Abstract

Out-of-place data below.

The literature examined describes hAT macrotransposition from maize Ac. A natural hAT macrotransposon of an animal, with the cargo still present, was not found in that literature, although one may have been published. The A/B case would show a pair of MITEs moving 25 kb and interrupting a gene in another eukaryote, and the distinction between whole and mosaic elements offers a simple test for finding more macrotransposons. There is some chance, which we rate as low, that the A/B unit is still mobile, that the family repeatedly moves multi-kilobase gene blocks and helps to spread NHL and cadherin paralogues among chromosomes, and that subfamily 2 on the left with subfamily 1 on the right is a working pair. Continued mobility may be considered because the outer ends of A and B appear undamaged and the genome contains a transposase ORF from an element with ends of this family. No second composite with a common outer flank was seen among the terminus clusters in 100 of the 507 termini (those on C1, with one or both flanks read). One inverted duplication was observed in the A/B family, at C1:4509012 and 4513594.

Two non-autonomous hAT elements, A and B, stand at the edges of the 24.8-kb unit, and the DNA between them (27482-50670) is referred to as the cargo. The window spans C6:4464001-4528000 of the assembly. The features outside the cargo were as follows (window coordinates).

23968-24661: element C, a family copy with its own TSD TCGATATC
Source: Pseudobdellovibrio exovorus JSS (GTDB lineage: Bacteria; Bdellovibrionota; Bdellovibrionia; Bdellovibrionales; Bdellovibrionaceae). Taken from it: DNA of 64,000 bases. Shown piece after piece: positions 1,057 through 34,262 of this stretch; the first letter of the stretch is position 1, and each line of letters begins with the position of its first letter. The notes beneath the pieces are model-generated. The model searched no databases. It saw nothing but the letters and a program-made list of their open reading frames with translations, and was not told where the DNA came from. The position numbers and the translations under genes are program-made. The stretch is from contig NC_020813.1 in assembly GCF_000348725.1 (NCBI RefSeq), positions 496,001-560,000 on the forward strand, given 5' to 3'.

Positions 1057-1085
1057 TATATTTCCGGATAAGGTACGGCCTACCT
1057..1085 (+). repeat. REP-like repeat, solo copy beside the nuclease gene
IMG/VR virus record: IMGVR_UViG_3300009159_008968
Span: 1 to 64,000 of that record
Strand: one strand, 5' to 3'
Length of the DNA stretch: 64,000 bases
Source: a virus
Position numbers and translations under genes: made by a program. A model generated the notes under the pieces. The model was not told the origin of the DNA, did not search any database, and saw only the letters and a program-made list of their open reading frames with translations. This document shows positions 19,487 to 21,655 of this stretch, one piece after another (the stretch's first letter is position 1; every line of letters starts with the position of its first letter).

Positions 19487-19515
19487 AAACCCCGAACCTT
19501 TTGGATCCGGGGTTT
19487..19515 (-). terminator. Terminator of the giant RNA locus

Mount Mica is a poorly zoned, sodic LCT-type pegmatite consisting dominantly of quartz, albite, and muscovite in the outer portion of the pegmatite. Micas are the principal K minerals throughout the pegmatite. Potassium feldspar and rare-element minerals such as lepidolite, elbaite, Cs-rich beryl, fluorapatite, and pollucite are restricted to the core zone of the pegmatite. The dearth of rare element (Li, F, Cs, and Rb) substitution in minerals of the outer portion of the pegmatite and the relatively low K/Rb ratio of K-feldspar in the core zone indicate that the overall degree of fractionation of the pegmatite is moderate. Aluminum-micas belong to the muscovite–polylithionite chemical trend, with a compositional gap between muscovite and trilithionite. Lithium is incorporated into the micas mainly via the Li3Al−1−2 substitution mechanism. Lithium-Al micas in the wall zone are chemically homogeneous, but abruptly evolve into higher Cs + Rb bearing Li-rich muscovite and lepidolite in the core zone. An abrupt change in grain size, texture, and chemical composition is evident in the micas from the core zone. Pods of fine- to coarse-grained lepidolite occur sporadically throughout the core zone. Muscovite crystals located adjacent to lepidolite pods or adjacent to or within miarolitic cavities may be overgrown by a coarse-grained mosaic of lepidolite crystals. Some of the overgrown muscovite crystals display interlayering on a microscopic μm scale. The interlayering suggests late-stage rapid crystallization along a diffusion-controlled crystal-liquid interface. The abrupt increase of the Cs, Rb, and F in K-feldspar, muscovite, and lepidolite and the occurrence of such highly evolved species as F-rich lepidolite, pollucite pods, elbaite tourmaline, Cs-rich beryl, and spodumene in miarolitic cavities in the core zone suggest that incompatible elements were retained in the residual fluid until their concentration was high enough to initiate crystallization of incompatible-rich mineral phases. The relatively low abundance of incompatible elements in the hanging-wall zone (HWZ) and footwall zone (FWZ) suggest that the fractionation process was very efficient in sweeping the incompatibles into the core zone of the pegmatite, producing proportionally small volumes inside the pegmatite with very high enrichment in incompatible elements.

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